For DePaul, the memories stay, but the fans don’t

SHARE For DePaul, the memories stay, but the fans don’t
SHARE For DePaul, the memories stay, but the fans don’t

BY DAN McGRATH

For the Sun-Times

What 1985 is to Bears fans, 1979 is to DePaul followers, or what’s left of them.

That Super Bowl season and the haughtily imperious manner in which the Bears rolled through it deluded their fans into believing world dominance was the natural order. They spent the next several years convinced the Beloveds were only a player or two away from a return to glory, and nothing Dave Wannstedt, Dick Jauron or Lovie Smith did (or didn’t do) could disabuse them of the notion.

It took the multifaceted goofiness of Marc Trestman, aided and abetted by equally nutty Phil Emery, to impose a reality check. The 2014 Bears were a train wreck. Thus a new regime is in place at Halas Hall, following the most extensive organizational shakeup since 1974, when George and Muggs Halas ceded control of all things football to Jim Finks and asked that he make something of this mess their iconic franchise had become.

DePaul fans, or what’s left of them, have similarly misguided memories of 1979. Outside of the vaunted Bird-Magic matchup in the NCAA tournament title game, the Blue Demons’ run to the Final Four was the story of that season, the quaint little school under the el tracks finally getting a taste of the big time and rewarding coach Ray Meyer — America’s Grandfather — for a lifetime of noble service. Better yet, the star player was a local kid, dynamic freshman Mark Aguirre.

The Demons’ feel-good story ended with a two-point loss to Larry Bird’s Indiana State Sycamores in a national semifinal. They would remain an NCAA tournament fixture through the 1980s under Ray and Joey Meyer, and they were a success-starved city’s No. 1 winter-sports attraction until Michael Jordan arrived on the scene and changed everything.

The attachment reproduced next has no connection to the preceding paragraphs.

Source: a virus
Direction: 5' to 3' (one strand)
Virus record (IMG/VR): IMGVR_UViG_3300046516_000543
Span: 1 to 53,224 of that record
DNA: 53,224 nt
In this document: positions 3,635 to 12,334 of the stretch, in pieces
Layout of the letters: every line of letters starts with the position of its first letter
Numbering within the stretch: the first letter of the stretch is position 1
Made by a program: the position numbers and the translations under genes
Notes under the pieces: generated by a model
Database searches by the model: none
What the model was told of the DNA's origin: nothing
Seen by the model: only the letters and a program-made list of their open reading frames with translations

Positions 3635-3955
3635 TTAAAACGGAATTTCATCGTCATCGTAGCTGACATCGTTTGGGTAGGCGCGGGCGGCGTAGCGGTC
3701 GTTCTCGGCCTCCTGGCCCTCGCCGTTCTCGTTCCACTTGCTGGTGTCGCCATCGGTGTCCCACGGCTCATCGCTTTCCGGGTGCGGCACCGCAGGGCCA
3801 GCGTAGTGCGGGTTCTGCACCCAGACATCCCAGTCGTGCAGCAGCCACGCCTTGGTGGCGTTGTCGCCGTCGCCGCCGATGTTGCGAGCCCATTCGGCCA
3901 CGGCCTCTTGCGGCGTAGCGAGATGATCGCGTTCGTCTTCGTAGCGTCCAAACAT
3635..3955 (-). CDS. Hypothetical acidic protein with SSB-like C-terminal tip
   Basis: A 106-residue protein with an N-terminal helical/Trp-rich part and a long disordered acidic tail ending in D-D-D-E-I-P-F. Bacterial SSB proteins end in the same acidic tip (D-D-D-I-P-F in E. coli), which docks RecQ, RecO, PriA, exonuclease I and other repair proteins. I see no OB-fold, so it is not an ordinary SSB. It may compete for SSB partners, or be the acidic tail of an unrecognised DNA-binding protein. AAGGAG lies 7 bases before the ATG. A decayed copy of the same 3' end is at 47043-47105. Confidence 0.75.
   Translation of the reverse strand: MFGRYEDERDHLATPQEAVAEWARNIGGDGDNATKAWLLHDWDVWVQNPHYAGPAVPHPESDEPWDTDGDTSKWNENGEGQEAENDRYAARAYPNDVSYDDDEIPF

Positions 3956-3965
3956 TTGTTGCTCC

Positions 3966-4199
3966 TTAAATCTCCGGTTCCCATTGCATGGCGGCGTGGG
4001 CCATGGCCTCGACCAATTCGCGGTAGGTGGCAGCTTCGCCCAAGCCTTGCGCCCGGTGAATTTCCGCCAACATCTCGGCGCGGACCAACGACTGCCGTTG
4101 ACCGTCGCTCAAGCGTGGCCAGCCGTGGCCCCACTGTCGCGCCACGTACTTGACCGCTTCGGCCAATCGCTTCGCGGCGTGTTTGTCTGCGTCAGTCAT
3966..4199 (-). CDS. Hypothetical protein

But 36 years after the gritty Demons captivated the nation, that lone Final Four appearance remains the high-water mark for DePaul basketball.

There have been just four NCAA tournament appearances since the heady ’80s ended, none since 2004. The Demons have been through four coaches since dumping Joey Meyer in 1997; only one of them managed a winning record. The move to the Big East Conference, intended as an upgrade, has been an unmitigated disaster: one winning season in 10 years of membership and an overall record of 36-140, for a .204 winning percentage.

The conference lost some heft with the departure of UConn, Syracuse, Louisville, Notre Dame and Pittsburgh for more fertile football country, but newcomers Xavier, Butler and Creighton shot right by DePaul and into the NCAA tournament. The Demons, meanwhile, console themselves with knowing this season’s 6-12 Big East record matched their best since 2008 and represented progress.

Not enough to save Oliver Purnell’s job, but no one is calling that a bad thing.

Still, there’s a perception out there that DePaul is a “sleeping giant,” that the “right guy” will burst through the door with the next Aguirre in tow and round up enough local talent to restore the Demons to their rightful place in the top echelon of college hoops.

What nonsense. DePaul’s men’s program is an irrelevant mess and has been for a decade.

The best thing the new guy can do is blow it up and start over, and that’s after receiving a commitment from the administration that it will at least try to provide him with what he needs to succeed. DePaul boasts of having an equal-opportunity athletic program, but the sport that matters most shouldn’t have to relinquish gym time to all the others it’s responsible for funding.

And please, no more talk of hiring Aguirre or Rod Strickland — Rod Strickland??? — as a link to the glorious past. Tom Kleinschmidt would be a better choice; he has been coaching since he stopped playing and he remains a presence around Chicago.

Then again, the importance of local talent is overrated. There were five-Chicago-bred players in this season’s rotation and the Demons were as disjointed and dispirited as they’ve ever been, finishing with an eight-game losing streak. No wonder the “crowds” were non-existent. There’s a big gap between the Jabari Parker/Jahlil Okafor/Frank Kaminsky class and everybody else.

The next hire? I’m not much help because I’m not as attuned to college ball as I used to be — none of these AAU artisans can shoot or pass anymore, and too many sideline TV stars coach the life out of what used to be a beautiful game.

Besides, I had Iowa State in the Final Four. What do I know?

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